City Manager Establishes Policy for Employees’ Electronic Communications
Open Government Legal Experts Say Policy Is Seriously Flawed, But It’s an Important Start
City Manager Marc Ott approved a policy August 4 that establishes city accounts as the primary means for the city’s 12,000 employees to electronically communicate about city business. The policy was transmitted to employees through an Administrative Bulletin drafted by the Human Resources Department.
The City Council ordered the city manager to devise a policy for employees’ electronic communications in a resolution unanimously adopted April 7. (See The Austin Bulldog’s April 15 report.) The resolution also directed the City Clerk to devise a policy for board and commission members’ electronic communications. (More about that later.)
If circumstances require communicating about city business on a personal communication device or account, that correspondence should be forwarded to a city account, the policy states.
However, the policy grants employees permission not to forward communications if they personally determine that “there is no administrative value in retaining the communication.” This determination is supposed to be made by employees after consulting the “applicable records retention schedule.”
The “Administrative Value retention period” is defined in the Bulletin as “generally associated with routine or administrative business documents. The retention period is tied to the usefulness of the records for the conduct of current or future administrative business.”
The employee communication policy applies to, but is not limited to, e-mail messages, text messages, images, and attachments.
Joe Larsen, a volunteer hotline attorney with the Freedom of Information Foundation of Texas and last year’s recipient of the foundation’s prestigious James Madison Award, is an expert in the state’s open government laws. Larsen praised the city manager’s policy and pointed out some improvements that could be made.
“I’ve never seen any other city in Texas with a policy that would require a city employee to forward electronic communication from a personal account,” said Larsen, special counsel to the Houston-based international law firm of Sedgwick, Detert, Moran and Arnold LLP. “I would have to go on the record in saying I think it’s a good-faith effort to address a complicated problem.”
Is the City of Austin unique in adopting such a policy? The Austin Bulldog sought a comment from Bennett Sandlin, executive director of the Texas Municipal League. The TML website states the organization has more than 1,100 member municipalities, including 34 with a population of 100,000 or more.
Sandlin replied via e-mail, stating, “I’m not going to comment on a specific member city issue.”
Sandlin has, however, previously commented for publication concerning the issue at hand. An e-mail attributed to Sandlin was quoted in a January 12 Texas Watchdog article. Sandlin’s e-mail acknowledged that “…public business e-mails on private accounts are indeed public information.”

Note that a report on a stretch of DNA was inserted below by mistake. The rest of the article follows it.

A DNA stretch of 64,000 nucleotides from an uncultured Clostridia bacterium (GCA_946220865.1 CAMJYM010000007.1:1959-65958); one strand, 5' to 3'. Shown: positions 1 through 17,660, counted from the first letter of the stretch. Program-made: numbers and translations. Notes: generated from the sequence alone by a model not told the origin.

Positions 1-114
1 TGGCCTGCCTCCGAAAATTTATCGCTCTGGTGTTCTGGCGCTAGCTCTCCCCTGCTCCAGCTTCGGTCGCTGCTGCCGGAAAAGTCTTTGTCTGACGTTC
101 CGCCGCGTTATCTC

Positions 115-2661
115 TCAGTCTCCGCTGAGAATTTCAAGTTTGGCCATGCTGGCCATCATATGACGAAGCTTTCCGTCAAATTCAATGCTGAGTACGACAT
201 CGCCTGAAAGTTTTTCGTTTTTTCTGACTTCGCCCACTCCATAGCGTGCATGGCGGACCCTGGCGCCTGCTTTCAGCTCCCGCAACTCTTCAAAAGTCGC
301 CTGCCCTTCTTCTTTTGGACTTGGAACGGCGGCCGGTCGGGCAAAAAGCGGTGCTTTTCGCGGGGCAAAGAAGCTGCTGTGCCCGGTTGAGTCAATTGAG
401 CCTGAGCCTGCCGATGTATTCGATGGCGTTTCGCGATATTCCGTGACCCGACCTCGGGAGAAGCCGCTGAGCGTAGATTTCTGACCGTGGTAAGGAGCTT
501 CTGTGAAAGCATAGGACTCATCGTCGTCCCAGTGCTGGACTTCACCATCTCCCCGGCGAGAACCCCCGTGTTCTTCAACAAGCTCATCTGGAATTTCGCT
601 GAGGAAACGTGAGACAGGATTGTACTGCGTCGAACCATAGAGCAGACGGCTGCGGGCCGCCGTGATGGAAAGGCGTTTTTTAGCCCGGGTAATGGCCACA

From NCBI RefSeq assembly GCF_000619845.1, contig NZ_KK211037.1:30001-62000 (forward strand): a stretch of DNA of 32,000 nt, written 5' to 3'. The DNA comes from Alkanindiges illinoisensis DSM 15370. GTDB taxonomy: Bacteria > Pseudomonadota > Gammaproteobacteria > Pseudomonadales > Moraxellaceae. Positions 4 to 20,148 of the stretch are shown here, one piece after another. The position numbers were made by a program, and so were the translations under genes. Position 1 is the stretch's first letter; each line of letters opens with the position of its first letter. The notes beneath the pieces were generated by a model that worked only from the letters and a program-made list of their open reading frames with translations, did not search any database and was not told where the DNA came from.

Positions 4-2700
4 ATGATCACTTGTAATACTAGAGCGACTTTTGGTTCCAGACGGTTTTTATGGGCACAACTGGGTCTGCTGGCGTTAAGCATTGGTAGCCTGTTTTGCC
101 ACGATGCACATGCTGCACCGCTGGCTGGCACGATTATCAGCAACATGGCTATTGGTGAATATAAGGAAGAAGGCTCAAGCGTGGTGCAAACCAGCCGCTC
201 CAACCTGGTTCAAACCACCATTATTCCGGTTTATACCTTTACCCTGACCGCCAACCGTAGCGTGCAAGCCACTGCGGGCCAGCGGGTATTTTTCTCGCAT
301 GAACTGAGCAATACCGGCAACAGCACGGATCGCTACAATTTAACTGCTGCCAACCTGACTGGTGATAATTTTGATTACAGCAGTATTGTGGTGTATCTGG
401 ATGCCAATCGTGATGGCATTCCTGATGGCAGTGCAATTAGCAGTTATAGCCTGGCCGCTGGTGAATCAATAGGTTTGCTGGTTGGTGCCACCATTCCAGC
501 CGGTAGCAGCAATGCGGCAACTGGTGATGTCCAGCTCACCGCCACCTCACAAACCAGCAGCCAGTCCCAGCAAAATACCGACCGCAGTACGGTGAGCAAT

Larsen and three other attorneys who are experts in the state’s open government laws say the city manager’s policy for employee communication is flawed and raises serious issues about whether the policy will bring the City of Austin into compliance with the Texas Public Information Act.
Flaws in Ott’s policy
Larsen said the city manager’s policy “is not perfect, but I think it’s a strong effort. Timeframes probably ought to be written into this,” he said. “What happens if, for example, the city receives a Public Information Act request to which a document would be responsive and the person responsible has not forwarded it to the city for retention?”
That concern was echoed by another attorney, Joel White of the Austin law firm Joel R. White and Associates. He is a past president of the Freedom of Information Foundation of Texas and has represented a wide range of media clients for more than two decades.
“If an employee is allowed to hang onto a document for weeks or a month or whenever you deem appropriate, or after the next election, until the document becomes irrelevant, that doesn’t do the public much good,” White said.
“It’s really a question of law whether a document should be retained,” White said, “and it should not be up to the discretion of a city employee.”
FOIFT hotline volunteer attorney Thomas Gregor of the Houston law firm of Ogden, Gibson, Broocks, Longoria and Hall LLP, said this policy gives employees too much latitude.
“I’ve read the Bulletin,” Gregor said in an e-mail. “Information relating to official business that is conducted on personal accounts is still public information. See OR 2005-06753,” the Texas attorney general’s open records decision of July 27, 2005.
“A policy allowing a City employee to conduct official business through a personal account, and then authorizing that same City employee to make an independent and unchecked determination on whether the communication has sufficient ‘Administrative Value’ to be disclosed to the public, is a policy ripe for potential error and abuse,” Gregor said.
Bill Aleshire of the Austin law firm Riggs Aleshire and Ray PC, is The Austin Bulldog’s attorney in its lawsuit filed March 1 against the mayor, city council members and City of Austin over failures to comply with the Texas Public Information Act. (See March 2 story.) The lawsuit—which is still pending—addresses the city’s decision to withhold certain government records, including records involving public business that were created or received on the mayor and council members’ cell phones or personal computers.